George Taliaferro. Photos by Tom Stio

by Renée A. Taliaferro Buckner

While I consider Baltimore, Maryland, my childhood home, I was born in Los Angeles, where my father, George Taliaferro, was a member of the Los Angeles Dons. As a family, we moved to Baltimore, where my two younger sisters were born and Daddy continued his professional football career with the then-Baltimore Colts. 

We lived in Maryland until my father was offered a position at Indiana University in 1972 as special assistant to the president. Until we moved to Bloomington, I don’t think I or any of my sisters were aware of what Daddy had achieved through athletics. Our home in Maryland was full of music, books, and loads of visitors. Wilma Rudolph, the track star; Sonny Liston; Lenny Moore; Gale Sayers; and multiple other stars were guests in our home, and, as young children, we were cautioned to be polite and quiet. Again, they were just friends of our parents and we were oblivious to their fame. 

Renée A. Taliaferro Buckner. Photo by Malcolm Abrams

Our father was not the typical prototype of a dad when it came to time spent with us. My older sister Linda and I learned to ice skate on the frozen pond at the local golf course, and during the summer months we sipped lemonade at the bar in the clubhouse while Daddy played nine holes. He taught us to swim, coached us in track, and made the best buttermilk biscuits you ever tasted.

I transferred as a sophomore to Indiana University when we moved to Bloomington and the shock of moving to a small college town from the urban environment that I had grown up in was heightened by the massive amount of publicity surrounding the return of George Taliaferro. It seemed that everyone knew who my father was, from students and faculty to the ladies working in the cafeteria in my dormitory. But when I went home to do laundry, eat, and spend time with my family, that notoriety was not present. Even as we entertained recruits and hosted famed musicians and a host of celebrities who visited Indiana University, the full spectrum of what Dad and Mom [Judge Vi Taliaferro] had achieved was not the highlight of our home life—my sisters and I were.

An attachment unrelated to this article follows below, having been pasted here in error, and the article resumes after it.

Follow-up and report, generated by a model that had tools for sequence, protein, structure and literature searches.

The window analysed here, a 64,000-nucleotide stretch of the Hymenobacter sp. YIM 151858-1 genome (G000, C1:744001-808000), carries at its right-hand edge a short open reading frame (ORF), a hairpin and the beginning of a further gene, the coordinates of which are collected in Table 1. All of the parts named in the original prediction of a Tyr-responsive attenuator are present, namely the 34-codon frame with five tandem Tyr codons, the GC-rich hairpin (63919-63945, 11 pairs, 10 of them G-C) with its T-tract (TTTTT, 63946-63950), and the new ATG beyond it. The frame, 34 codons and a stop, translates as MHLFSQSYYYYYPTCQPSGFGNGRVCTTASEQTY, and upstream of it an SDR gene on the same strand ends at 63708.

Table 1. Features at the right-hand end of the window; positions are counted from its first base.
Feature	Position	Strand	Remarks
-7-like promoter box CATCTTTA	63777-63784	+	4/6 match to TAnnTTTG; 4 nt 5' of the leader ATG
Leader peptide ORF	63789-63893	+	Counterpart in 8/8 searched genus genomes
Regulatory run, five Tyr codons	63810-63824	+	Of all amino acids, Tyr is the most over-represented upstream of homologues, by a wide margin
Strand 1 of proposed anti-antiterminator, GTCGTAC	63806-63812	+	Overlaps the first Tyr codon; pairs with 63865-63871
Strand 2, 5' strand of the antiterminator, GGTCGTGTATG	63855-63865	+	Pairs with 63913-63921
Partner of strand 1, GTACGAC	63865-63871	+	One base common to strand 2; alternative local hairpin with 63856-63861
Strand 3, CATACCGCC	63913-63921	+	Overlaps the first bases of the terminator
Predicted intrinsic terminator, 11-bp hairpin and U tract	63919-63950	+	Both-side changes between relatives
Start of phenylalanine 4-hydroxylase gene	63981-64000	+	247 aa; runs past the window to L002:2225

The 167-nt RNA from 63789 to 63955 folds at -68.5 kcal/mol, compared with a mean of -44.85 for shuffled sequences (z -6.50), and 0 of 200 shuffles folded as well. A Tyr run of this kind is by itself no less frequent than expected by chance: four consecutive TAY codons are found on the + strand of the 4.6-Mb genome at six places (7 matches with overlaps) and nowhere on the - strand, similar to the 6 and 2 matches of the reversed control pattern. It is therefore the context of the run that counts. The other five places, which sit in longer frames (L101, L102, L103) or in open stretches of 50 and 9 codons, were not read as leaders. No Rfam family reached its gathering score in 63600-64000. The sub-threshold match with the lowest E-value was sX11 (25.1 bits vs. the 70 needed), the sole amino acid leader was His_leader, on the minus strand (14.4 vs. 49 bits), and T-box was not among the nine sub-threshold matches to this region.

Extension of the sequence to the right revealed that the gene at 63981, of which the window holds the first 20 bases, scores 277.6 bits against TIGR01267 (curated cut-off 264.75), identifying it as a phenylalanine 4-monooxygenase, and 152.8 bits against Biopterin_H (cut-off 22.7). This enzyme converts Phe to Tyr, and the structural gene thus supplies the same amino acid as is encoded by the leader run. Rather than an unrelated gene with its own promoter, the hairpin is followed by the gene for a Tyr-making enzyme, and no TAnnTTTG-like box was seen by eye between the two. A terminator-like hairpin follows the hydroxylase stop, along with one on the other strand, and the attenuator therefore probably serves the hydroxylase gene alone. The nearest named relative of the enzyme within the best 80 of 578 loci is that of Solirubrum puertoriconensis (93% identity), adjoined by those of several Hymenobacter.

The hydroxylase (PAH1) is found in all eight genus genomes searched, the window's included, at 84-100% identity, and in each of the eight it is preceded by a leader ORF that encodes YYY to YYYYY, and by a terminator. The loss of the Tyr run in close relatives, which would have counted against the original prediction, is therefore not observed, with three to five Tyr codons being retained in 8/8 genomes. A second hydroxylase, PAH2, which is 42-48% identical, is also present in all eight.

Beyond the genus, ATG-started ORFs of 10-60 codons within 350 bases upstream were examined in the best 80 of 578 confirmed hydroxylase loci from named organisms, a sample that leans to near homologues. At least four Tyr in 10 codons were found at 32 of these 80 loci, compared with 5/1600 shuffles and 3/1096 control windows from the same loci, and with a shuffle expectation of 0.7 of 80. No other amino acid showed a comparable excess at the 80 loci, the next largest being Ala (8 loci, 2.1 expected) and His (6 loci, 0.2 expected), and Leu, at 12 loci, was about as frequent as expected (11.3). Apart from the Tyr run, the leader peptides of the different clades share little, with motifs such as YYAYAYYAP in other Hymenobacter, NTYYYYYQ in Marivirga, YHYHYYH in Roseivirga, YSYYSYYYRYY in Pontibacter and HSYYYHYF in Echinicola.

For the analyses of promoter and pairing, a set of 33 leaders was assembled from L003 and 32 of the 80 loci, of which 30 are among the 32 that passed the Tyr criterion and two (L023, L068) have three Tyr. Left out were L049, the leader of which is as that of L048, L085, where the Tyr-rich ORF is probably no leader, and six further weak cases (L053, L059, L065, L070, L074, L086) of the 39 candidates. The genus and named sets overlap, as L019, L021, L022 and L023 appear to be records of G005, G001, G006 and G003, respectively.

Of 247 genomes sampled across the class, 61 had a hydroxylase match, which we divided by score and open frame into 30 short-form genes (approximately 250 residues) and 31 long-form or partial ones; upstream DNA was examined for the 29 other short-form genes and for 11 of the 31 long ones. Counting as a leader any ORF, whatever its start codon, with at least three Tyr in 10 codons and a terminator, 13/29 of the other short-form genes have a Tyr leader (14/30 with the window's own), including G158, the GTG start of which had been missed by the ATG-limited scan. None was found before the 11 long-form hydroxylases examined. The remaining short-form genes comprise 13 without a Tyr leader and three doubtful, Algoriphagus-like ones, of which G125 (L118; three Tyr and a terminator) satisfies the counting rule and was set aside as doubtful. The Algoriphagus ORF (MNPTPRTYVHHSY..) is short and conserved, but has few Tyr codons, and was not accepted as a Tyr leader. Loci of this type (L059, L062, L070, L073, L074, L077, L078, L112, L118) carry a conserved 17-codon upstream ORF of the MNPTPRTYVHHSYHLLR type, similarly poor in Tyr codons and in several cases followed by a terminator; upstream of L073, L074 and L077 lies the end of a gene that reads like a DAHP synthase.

The morning after Daddy passed, I awoke to a segment on the local NPR station announcing that George Taliaferro had died at the age of 91. I was puzzled as to how that would make national news and that was the beginning of an incredible amount of news coverage that has culminated with the unveiling of a statue and the renaming of the plaza at the north entrance to the Indiana University football stadium in his honor. My sisters and our biological and Bloomington family and friends were present at this amazing event. We have been honored to accept multiple awards in our father’s name, but as we have moved forward after his death, we are reminded that to the world he was George Taliaferro. To us, he was simply Daddy.